While no restaurant chain has ever seen a meteoric rise quite like Chipotle, a select few are proving you don't need to serve 6-ton burritos to achieve fast-casual stardom. Predicting this type of success isn't easy, but there are tell-tale signs: a bulletproof concept, smart expansion strategy, and practical use of tinfoil are all solid indicators that a new chain might soon arrive at a corner near you. These are our best bets, ranging from tiny local chains that've yet to step outside their hometowns to well-established regional players that still have plenty of territory left to settle.
Est. 1992, Iowa City, IA
Number of locations: 65
What they do: Burritos with fresh tortillas and ingredients that are thoroughly mixed together with what they call "Bob the Tool"
Why they might blow up: They carve out their own section of the burrito-market pie by upping the ante on ingredients and combating one of the food group's biggest pet peeves, uneven distribution of filling wealth.
Est. 2010, Washington, DC
Number of locations: 10 (5 coming soon)
What they do: Oblong pies with creative sauces, luxe toppings like 39-day aged pepperoni, and cheese made in-house
Why they might blow up: The right combination of attitude, efficiency, and house-made cheese. & all of these 10 things.
Est. 1998, San Francisco, CA
Number of locations: 4
What they do: Sausages made for the craft beer lover
Why they might blow up: The rising tide of the craft beer industry is certainly helping to float these sausages. Plus, they've already got footholds in Williamsburg and New Williamsburg (Oakland).
Est. 2010, Portland, OR
Number of locations: 8
What they do: Quarter-pounders of natural beef on brioche buns out of an open kitchen, with sides of truffle fries and root beer floats
Why they might blow up: The tiny/tall burgers are a delightful contradiction, natural beef is totally in, and people go nuts for the homemade catsup. Plus, it's local enough to be endearing, but broad enough of a concept to be scalable. And the Portland birthplace automatically earns it cool points.
Est. 2006, Los Angeles, CA
Number of locations: 9
What they do: Unique upscale sandwiches you won't find anywhere else
Why they might blow up: The sandwich concept has been done to death, but a playful attitude towards menu innovation sets them apart. After all, no one's local sub shop does ethnic spins like Peruvian steak, pork belly bánh mìs, or not-so-fried chicken. A loyal-as-hell following makes this prime for expansion outside their home state of California.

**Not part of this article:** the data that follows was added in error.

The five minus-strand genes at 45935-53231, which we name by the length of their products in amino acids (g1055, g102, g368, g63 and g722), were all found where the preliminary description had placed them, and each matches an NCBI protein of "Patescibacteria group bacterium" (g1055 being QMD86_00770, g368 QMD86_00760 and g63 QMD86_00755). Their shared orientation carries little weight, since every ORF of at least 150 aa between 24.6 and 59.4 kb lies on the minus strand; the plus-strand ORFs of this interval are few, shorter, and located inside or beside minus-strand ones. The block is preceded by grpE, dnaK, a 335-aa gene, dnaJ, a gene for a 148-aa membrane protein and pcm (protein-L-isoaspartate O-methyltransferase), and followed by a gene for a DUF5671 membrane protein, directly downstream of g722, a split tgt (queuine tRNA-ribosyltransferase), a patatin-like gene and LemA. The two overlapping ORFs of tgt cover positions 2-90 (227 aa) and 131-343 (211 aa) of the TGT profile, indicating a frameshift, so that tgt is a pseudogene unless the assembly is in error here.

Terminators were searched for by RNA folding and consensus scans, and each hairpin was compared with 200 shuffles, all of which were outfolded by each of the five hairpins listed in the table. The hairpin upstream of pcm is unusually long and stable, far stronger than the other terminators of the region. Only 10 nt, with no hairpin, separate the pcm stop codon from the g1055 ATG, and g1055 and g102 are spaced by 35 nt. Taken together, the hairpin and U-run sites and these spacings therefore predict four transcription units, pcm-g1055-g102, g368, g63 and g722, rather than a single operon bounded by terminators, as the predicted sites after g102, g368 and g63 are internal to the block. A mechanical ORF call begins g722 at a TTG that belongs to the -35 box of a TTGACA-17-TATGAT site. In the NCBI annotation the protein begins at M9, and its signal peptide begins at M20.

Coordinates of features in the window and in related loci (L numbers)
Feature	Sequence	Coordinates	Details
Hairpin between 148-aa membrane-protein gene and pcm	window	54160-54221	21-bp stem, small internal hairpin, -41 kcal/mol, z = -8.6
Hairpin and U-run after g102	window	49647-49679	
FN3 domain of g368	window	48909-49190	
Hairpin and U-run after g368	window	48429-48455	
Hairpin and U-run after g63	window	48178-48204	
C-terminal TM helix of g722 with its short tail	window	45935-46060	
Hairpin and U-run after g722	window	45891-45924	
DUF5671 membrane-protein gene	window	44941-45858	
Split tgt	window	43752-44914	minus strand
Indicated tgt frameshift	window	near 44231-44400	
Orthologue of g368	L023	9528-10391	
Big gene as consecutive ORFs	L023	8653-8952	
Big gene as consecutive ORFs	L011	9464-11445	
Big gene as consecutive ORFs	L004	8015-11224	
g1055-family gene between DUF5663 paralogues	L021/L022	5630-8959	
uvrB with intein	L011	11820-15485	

Est. 2007, Chicago, IL
Number of locations: 20 (1 coming soon)
What they do: Old World approach to Mediterranean food with new-school focus on traceability and high-quality ingredients
Why they might blow up: The food is recognizable, but with enough trendy ingredients to attract the foodie sect. And they've already hopped East to New York and DC, proving the concept can work outside of a Chi neighborhood environment.
Est. 1994, Palm Springs, CA
Number of locations: 26
What they do: Meat substitutes for folks who usually accept no substitutes
Why they might blow up: Five states have already tasted the (faux) Oklahoma Bacon Cheeseburger, so it's only a matter of time until it spreads further.
Est. 1987, Santa Barbara, CA
Number of locations: 102
What they do: Chipotle-style burritos with a punk-rock attitude
Why they might blow up: To some extent they already have, but there's still plenty of room to grow. Chipotle might've paved the way, but for those that see the shiny aesthetic of Chipotle as a deterrent, Freebirds' rock-and-roll spirit is an appealing alternative. And it doesn't hurt that they just hired a former Chipotle exec to help steer the ship.
Est. 1988, Costa Mesa, CA
Number of locations: 50+
What they do: Fish tacos with a surfer mentality
Why they might blow up: The crowded fast-casual Mexican food landscape is devoid of a seafood option. Plus, fish tacos are healthier than their picadillo'd or fajita'd counterparts, and they've yet to storm the East Coast.
Est. 2011, Boulder, CO
Number of locations: 2
What they do: Naples-style pizza with an obsessive focus on consistency; updated Old World techniques with new-school tech like infrared ovens
Why they might blow up: Nobody's done Neapolitan pizza on a large scale, and more importantly, they've got backing from Chipotle themselves. If anyone can out-Chipotle Chipotle, it's Chipotle.